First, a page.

Jacob Howard (Esports Product Manager), discusses the rapid popularity of esports/sports sims and explains what SIS Competitive Gaming, and industry can do to continue this growth.
SIS has taken great measures to provide the esports market with its Competitive Gaming product and is seeing rapid growth, with leading operators across the globe seeing the vast potential of esports and sports sims
With 180,000 events each year and round the clock content, Competitive Gaming stands alone in the industry with integrity at its heart, receiving the EISC Gold Standards accreditation. Our new Esports Product Manager, Jacob Howard explains what the brand, and industry can do to continue this growth.
How important has esports betting become to the industry and what are your predictions for the growth of esports betting?
Esports betting has seen its importance within the industry grow rapidly, particularly from the perspective of attempting to capture the younger audience segment and to present betting as an exciting yet safe pastime.
There is an onus on operators to evolve and embrace new demographics in order to drive revenues. By incorporating high-quality esports products into their portfolios, sportsbooks can successfully deliver content that appeals to young people.
Building products that truly appeal is key. There needs to be an inherent understanding of what makes esports appealing and esports products must encapsulate those selling points. Achieving this means operators can really begin to see the true value of esports as a betting proposition and correctly strategise where esports products are placed within their sportsbooks.
What do you see as the latest industry tools that can help esports grow?
There is a common issue with latency and this needs to be addressed. There is an antiquated view that you need to make sure players don’t have access to certain pieces of information, but because of this, there can be delays of up to five minutes and this prevents operators from offering exciting betting propositions in the form of flash or in-play markets.
Additional layers of gamification are also required to provide increased bettor engagement and to bring esports betting in line with the events themselves. Typically, there also is a visually unappealing layout for esports within sportsbooks and that needs to change.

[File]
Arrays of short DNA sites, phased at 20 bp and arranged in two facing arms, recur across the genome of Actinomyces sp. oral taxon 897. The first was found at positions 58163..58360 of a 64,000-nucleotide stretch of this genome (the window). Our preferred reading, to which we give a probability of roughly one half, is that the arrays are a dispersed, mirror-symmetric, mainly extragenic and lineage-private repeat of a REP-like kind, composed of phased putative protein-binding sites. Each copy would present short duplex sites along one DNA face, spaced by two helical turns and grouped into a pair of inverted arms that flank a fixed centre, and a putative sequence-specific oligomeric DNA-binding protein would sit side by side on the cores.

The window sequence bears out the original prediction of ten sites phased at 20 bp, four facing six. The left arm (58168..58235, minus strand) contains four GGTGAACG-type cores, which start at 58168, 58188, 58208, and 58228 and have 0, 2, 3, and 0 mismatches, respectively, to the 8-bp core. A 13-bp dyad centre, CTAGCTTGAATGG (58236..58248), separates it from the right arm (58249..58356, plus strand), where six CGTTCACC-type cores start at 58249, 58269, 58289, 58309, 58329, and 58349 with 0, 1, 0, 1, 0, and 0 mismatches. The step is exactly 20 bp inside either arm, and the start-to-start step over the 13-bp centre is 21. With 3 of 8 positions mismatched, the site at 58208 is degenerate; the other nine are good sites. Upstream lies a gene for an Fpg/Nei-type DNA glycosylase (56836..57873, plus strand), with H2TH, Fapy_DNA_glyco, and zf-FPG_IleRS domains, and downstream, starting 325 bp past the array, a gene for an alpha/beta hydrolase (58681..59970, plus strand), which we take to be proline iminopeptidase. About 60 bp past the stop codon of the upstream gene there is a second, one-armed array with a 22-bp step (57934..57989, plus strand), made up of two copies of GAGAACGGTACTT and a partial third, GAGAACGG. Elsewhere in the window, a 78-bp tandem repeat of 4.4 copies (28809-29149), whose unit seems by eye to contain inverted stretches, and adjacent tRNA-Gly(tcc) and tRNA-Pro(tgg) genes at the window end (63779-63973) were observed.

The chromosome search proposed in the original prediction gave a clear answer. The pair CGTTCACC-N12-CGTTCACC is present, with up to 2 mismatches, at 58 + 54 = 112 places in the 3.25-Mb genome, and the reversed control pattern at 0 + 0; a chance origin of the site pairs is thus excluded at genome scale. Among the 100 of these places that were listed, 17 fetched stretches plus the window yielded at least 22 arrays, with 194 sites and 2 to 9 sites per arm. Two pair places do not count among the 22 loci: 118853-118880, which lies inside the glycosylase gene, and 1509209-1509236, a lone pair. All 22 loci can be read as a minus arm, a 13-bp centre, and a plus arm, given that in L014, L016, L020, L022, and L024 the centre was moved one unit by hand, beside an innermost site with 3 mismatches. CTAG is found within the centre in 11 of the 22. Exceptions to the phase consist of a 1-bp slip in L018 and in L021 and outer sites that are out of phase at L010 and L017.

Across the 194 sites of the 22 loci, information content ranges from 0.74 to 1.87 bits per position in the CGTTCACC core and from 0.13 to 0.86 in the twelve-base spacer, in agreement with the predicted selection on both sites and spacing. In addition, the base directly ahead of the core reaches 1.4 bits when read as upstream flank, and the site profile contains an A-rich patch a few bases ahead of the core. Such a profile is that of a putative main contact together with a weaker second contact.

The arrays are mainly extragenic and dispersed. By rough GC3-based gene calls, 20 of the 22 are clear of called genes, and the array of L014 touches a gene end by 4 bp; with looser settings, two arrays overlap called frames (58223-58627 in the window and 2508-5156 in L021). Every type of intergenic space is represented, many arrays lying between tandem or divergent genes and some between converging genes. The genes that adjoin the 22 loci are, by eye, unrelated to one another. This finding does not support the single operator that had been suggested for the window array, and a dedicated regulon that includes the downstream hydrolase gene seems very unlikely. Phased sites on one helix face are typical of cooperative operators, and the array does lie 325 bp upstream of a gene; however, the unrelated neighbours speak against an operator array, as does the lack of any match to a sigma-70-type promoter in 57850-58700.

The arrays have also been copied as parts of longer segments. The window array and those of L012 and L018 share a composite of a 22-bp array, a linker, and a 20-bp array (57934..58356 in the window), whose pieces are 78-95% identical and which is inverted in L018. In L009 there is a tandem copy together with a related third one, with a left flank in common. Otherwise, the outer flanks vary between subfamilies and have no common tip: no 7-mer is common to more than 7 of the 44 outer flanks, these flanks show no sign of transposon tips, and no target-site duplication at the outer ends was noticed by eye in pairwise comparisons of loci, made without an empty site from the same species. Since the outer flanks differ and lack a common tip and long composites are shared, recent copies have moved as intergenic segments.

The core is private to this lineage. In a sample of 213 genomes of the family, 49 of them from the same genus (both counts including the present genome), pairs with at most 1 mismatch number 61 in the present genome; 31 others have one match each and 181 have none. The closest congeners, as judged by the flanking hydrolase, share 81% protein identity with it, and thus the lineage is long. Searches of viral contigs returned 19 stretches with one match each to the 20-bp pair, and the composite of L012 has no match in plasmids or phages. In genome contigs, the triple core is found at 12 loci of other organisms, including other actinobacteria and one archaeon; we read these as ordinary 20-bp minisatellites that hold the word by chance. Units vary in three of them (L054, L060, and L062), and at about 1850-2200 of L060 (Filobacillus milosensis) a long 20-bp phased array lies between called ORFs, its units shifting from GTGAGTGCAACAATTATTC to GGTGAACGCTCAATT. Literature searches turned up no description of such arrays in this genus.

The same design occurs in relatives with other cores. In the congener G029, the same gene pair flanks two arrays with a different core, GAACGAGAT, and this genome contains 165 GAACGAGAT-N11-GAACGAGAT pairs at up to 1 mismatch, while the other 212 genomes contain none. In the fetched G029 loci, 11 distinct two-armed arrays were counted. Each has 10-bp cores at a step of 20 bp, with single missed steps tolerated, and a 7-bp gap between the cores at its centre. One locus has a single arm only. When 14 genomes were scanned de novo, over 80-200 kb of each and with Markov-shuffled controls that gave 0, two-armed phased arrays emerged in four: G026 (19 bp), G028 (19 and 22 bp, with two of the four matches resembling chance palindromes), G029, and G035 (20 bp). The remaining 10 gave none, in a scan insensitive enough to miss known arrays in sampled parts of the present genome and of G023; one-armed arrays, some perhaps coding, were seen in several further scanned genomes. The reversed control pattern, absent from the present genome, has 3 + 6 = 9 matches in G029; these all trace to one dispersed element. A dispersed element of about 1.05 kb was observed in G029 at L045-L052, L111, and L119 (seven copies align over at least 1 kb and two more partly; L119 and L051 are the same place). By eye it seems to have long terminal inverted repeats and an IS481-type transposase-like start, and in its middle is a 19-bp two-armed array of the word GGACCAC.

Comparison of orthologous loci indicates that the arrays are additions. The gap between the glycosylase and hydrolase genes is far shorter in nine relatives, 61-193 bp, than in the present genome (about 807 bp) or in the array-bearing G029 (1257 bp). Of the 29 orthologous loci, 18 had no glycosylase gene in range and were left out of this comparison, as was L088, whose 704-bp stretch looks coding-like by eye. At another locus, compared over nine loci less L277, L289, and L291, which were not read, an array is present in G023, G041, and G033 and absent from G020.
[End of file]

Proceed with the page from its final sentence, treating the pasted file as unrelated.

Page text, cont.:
How are SIS utilising these tools?
At SIS, we tackle latency issues head on by controlling the content from start to finish. This allows us to tightly control the players to ensure they aren’t getting any uncompetitive advantages. Thanks to this, we’re able to provide the streams, data and odds without any intentional delays meaning our end users can interact with the content in real time.
We’re also constantly improving our commentators and hosts to ensure they’re identifying the most engaging betting moments and ensuring the end users are informed. We’re also working on more supplementary content in the form of improved stats pages and widgets to educate bettors as our players are unknown but it shouldn’t feel that way to the end user.
How do you think AI / NFTs and other emerging technologies are affecting / will affect esports?
In general, esports is receptive to new technologies. This is no surprise given the primary demographic of players, which is the young and tech-savvy.
AI could be very helpful with regard to broadcasting esports events. As it stands, the in-game camera system needs to be controlled by somebody and AI could potentially remove that observer role by automating the process. AI could help to run through key points of a match and have it highlight the most engaging sections, with an automated switch in cameras.
In terms of NFTs, they haven’t been required to see content evolve. In Counter-Strike for example, the trade in skins – graphical elements that change the appearance of a game asset – has been thriving for many years without additional technology. I do feel there is a place for NFTs in the wider gaming industry, but it remains to be seen how this will affect esports events and associated betting.
How will SIS and the wider industry take on regulatory and integrity challenges?
For years at the lower end of the esports tournament chain, there have been issues in players throwing contests for money.. During the pandemic, our partner the Esports Integrity Commission (ESIC) saw a huge uplift in reports of matches of concern from online arenas.
At SIS, referees monitor every single match and players are unable to access their phones when working within our in-house studios. Our schedules aren’t released until the day of the event, and there are many more restrictions in place to ensure that we uphold the highest possible integrity standards.
This is reflected in our being awarded ESIC’s Gold Standards, the highest possible accreditation from the association. We are essentially placing higher-tier regulations on lower-tier events and feel that this is a crucial step in the evolution of esports betting.